Bhutan is open all seasons. For example, for a good view of the mountains the dry season is ideal, from November to April (although rainfall can still be fairly high in some months). In general, the Bhutan climate varies considerably with elevation. A subtropical climate prevails in the southern Great Plains with warm, humid summers and mild winters around 15°C. The east-central hills and valleys are drier and more temperate than in the west. In the western valleys, temperatures are more severe and snow occasionally occurs in winter. In the north of the country, there's a rather difficult alpine climate, especially towards the highest peaks, constantly under snow. It should be noted that the north constitutes the territory of the Great Himalayas and other peaks rising to more than 22,965ft. They are only inhabited by the Bjop (pastoralists and nomadic herders), accustomed to this type of extreme conditions. In other words, you only get there after intense training!
Main areas to visit: Western Valley (e.g. capital Thimphu, Paro, Punakha), Southern Bhutan (e.g. Gelephu, Phuentsholing), eastern valleys (e.g. Sakteng Park)
January: heading south
Just like the western valley, the localities of this area are quite cold in January with 5°C on average but plenty of sunshine. The eastern valleys are not much warmer with an average temperature of 4 to 6°C. The southern zone is, on the other hand, much more summery with an average temperature of 24°C. In this area, you are strongly advised to take the road between Phuentsholing and Thimphu, moving from tropical vegetation to conifers in a single journey, all wrapped in a blanket of mist, giving the place an almost mystical feel.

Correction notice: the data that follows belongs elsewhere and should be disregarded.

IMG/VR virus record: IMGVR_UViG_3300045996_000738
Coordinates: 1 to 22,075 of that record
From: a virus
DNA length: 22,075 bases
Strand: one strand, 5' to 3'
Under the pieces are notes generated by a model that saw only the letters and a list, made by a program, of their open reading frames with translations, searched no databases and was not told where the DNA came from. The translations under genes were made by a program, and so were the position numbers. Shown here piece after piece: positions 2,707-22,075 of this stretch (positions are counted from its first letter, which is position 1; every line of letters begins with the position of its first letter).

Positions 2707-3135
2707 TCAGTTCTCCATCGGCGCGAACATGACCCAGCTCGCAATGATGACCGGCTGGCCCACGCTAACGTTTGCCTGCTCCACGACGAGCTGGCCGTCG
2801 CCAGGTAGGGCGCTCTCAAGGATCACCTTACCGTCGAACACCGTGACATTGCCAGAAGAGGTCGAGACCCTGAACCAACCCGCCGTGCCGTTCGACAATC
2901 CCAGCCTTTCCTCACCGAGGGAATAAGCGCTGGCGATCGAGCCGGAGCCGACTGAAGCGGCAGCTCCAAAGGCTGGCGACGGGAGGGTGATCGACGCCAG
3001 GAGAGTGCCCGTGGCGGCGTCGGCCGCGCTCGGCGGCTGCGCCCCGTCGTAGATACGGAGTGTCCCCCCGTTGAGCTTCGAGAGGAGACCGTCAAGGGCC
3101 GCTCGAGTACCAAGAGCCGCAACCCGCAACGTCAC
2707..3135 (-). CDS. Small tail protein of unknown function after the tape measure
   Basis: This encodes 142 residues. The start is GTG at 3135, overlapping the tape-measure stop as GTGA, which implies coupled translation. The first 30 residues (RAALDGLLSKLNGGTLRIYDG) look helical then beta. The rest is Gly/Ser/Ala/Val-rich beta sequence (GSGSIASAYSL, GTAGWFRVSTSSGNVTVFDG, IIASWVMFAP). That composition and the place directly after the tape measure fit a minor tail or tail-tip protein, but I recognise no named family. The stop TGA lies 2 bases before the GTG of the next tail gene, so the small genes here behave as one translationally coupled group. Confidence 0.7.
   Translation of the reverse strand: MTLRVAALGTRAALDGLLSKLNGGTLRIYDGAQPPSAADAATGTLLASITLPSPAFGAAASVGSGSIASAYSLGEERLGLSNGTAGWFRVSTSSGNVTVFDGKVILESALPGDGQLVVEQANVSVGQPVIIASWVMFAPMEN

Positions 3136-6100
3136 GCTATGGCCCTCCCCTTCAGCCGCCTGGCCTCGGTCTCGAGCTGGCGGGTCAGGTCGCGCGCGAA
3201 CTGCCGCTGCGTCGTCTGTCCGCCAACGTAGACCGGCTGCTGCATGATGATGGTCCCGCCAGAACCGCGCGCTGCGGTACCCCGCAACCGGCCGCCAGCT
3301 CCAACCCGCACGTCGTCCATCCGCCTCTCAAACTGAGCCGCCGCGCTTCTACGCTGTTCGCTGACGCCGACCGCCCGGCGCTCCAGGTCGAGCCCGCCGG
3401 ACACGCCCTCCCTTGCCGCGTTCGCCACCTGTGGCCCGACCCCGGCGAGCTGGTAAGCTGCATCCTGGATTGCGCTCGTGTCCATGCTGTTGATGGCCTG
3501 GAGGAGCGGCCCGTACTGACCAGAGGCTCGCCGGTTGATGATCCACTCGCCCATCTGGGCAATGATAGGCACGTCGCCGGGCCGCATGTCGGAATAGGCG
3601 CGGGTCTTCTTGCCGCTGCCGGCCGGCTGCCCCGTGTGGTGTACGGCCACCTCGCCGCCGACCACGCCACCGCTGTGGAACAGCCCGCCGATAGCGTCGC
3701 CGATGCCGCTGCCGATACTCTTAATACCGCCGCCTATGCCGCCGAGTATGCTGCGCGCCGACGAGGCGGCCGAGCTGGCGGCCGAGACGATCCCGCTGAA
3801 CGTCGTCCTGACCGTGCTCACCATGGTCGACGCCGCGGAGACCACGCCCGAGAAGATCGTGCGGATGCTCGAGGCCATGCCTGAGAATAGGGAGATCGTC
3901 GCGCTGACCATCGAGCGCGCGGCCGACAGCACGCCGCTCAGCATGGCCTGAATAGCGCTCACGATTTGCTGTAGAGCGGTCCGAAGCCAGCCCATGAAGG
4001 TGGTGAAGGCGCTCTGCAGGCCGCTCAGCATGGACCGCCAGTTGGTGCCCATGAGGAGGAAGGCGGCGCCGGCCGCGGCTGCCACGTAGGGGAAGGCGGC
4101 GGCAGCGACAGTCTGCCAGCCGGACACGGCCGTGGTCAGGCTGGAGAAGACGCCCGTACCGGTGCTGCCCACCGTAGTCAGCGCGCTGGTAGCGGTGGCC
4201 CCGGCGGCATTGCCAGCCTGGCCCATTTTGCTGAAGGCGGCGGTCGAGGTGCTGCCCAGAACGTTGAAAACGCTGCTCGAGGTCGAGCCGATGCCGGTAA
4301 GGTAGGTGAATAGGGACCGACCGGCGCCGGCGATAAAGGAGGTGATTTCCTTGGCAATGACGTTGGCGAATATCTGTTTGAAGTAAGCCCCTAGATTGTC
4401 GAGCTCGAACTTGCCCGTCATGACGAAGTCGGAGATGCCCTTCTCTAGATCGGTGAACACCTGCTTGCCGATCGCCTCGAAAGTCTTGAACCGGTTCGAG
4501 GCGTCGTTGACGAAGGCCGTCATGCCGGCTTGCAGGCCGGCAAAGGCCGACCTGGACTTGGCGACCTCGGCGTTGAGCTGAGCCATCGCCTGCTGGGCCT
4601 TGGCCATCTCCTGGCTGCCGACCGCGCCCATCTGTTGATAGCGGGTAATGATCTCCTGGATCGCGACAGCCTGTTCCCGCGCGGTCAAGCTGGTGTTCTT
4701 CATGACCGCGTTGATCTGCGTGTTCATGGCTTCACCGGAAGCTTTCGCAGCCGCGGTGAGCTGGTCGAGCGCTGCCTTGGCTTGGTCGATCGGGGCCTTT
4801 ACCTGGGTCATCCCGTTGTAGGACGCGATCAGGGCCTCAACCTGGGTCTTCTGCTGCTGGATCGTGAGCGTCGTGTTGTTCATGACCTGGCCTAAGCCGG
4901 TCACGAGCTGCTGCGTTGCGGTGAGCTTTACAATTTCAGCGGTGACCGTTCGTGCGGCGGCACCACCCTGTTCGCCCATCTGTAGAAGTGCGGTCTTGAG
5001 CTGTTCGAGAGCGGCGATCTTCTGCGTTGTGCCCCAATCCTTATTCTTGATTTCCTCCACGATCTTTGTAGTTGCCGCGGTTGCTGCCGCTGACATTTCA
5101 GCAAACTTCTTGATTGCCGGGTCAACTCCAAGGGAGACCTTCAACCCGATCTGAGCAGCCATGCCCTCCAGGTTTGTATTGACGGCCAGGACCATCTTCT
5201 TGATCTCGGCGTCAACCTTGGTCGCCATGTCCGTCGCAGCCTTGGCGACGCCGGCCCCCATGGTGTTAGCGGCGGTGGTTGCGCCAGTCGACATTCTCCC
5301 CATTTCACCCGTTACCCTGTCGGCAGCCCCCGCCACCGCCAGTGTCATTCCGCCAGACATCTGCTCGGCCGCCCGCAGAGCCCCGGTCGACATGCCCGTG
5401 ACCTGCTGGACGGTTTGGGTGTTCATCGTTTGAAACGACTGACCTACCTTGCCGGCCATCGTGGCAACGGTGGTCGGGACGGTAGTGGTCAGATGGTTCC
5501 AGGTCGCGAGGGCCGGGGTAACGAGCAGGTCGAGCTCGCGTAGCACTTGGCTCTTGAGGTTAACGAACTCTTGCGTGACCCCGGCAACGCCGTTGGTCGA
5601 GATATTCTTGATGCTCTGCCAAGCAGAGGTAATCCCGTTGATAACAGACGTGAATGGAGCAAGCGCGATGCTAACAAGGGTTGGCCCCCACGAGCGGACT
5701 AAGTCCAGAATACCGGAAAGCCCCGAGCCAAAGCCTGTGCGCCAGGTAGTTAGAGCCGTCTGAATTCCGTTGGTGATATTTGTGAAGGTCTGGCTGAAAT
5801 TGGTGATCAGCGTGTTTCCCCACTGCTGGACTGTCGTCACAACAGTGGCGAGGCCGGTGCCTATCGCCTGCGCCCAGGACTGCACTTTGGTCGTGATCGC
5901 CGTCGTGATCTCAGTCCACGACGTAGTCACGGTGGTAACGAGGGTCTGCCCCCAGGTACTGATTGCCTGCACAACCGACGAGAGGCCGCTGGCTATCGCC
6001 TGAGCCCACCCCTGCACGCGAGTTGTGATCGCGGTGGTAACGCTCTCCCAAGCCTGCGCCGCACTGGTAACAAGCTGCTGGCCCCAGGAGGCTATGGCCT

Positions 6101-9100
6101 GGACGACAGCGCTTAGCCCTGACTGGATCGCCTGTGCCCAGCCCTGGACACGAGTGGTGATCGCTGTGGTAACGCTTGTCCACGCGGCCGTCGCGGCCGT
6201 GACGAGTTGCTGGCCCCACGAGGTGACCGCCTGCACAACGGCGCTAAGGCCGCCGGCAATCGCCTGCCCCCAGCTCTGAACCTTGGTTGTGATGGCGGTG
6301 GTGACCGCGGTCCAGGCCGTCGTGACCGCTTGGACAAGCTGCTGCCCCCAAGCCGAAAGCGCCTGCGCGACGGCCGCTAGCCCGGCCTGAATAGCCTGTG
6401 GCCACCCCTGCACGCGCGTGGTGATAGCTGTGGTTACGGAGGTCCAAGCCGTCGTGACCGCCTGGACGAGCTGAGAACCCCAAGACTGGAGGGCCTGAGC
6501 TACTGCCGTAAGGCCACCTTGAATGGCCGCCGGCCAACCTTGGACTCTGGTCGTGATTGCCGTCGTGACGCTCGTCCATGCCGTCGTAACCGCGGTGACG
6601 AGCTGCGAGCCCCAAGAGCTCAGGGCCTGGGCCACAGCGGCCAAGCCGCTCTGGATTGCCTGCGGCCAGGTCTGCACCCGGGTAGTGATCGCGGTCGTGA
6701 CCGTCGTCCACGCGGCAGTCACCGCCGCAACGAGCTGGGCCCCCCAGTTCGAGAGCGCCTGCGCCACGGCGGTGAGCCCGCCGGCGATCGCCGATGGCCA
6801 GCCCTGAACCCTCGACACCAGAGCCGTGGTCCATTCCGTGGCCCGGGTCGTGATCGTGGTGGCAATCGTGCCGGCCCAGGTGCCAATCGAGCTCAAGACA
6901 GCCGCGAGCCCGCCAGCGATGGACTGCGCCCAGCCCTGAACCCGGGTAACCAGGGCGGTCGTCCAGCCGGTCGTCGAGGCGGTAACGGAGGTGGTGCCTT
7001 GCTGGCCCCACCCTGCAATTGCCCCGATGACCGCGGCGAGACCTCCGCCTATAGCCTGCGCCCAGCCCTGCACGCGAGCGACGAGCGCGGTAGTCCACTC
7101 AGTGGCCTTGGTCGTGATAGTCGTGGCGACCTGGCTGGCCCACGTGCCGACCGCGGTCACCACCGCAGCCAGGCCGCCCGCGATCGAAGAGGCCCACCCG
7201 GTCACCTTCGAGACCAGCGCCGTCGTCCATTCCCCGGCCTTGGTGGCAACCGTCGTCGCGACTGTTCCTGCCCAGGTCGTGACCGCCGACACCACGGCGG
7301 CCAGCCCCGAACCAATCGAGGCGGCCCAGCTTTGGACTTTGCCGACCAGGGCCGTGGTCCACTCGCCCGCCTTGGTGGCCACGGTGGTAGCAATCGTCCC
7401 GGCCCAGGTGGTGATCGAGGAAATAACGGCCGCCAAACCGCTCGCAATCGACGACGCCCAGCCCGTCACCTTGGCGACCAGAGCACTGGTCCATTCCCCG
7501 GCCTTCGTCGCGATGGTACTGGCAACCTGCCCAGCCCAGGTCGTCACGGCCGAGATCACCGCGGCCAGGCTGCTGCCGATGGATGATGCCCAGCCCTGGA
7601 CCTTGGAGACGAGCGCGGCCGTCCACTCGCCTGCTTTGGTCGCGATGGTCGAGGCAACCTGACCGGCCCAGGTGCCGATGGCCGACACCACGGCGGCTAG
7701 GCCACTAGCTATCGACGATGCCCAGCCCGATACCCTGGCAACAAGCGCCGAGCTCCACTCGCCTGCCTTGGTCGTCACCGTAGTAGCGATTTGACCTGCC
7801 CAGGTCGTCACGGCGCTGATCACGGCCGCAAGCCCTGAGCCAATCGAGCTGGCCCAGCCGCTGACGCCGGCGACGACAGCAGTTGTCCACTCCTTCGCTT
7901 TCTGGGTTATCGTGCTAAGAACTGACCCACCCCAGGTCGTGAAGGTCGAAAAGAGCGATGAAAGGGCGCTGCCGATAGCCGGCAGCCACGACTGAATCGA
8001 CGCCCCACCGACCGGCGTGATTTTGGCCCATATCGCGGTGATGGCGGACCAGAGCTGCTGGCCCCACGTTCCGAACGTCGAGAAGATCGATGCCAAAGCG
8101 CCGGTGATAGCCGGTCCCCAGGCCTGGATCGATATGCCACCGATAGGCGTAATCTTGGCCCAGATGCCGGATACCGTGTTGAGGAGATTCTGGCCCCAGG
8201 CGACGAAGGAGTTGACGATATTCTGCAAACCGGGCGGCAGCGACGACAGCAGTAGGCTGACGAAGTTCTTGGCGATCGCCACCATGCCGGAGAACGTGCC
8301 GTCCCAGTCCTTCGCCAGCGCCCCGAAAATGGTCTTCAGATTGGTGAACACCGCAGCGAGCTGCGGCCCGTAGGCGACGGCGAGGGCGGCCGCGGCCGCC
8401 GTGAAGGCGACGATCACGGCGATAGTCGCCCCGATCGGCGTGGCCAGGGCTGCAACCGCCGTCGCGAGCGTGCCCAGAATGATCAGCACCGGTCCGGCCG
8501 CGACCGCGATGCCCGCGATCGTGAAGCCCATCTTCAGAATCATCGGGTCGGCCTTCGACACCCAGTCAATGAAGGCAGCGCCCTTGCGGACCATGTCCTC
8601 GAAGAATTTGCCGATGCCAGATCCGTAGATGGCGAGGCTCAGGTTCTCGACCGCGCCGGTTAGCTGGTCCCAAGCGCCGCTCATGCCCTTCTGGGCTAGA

February: a few degrees higher in the valleys
It gets a few degrees warmer in the western and eastern valleys (7°C on average) with the sun still present. Well wrapped-up, you can stroll through the streets of the capital, including Norzim Lam, for souvenirs in shops selling fabrics, books, mystical masks and other objects of all kinds. In the south, the weather is always more summery with 27°C and beautiful bright days. Note: celebrate Losar, the Tibetan new year, in February. The Bhutanese paint their house and host numerous archery and dart tournaments.
March: slightly heavier rainfall
Rain is fairly moderate but can fall on certain days. The southern zone begins to warm considerably with an average temperature of 31°C. The valleys, in turn, are around 8-10 °C (10 to the east and 8 to the west), heralding the start of the warm season.
April: humidity increases.
As usual, the eastern valleys warm up a little before their western neighbours, with an average temperature of 14°C. On the other hand, the rains intensify, particularly in the west with about twenty days of rainfall. As the humidity increases, visibility on the peaks is slightly worse than in the previous month. The south is also fairly humid but has summer temperatures with an average temperature of 31°C. With about 18 rainy days a month, it is possible to check the weather forecast before planning a trip. It should be noted that trekking is recommended during this period because the mountains are covered with rhododendrons in bloom. But you'll need rainwear. It is worth noting that this is when the Tsechu festival in Paro is celebrated. In the itinerary: ritual dances and a huge thangka (religious image) parade.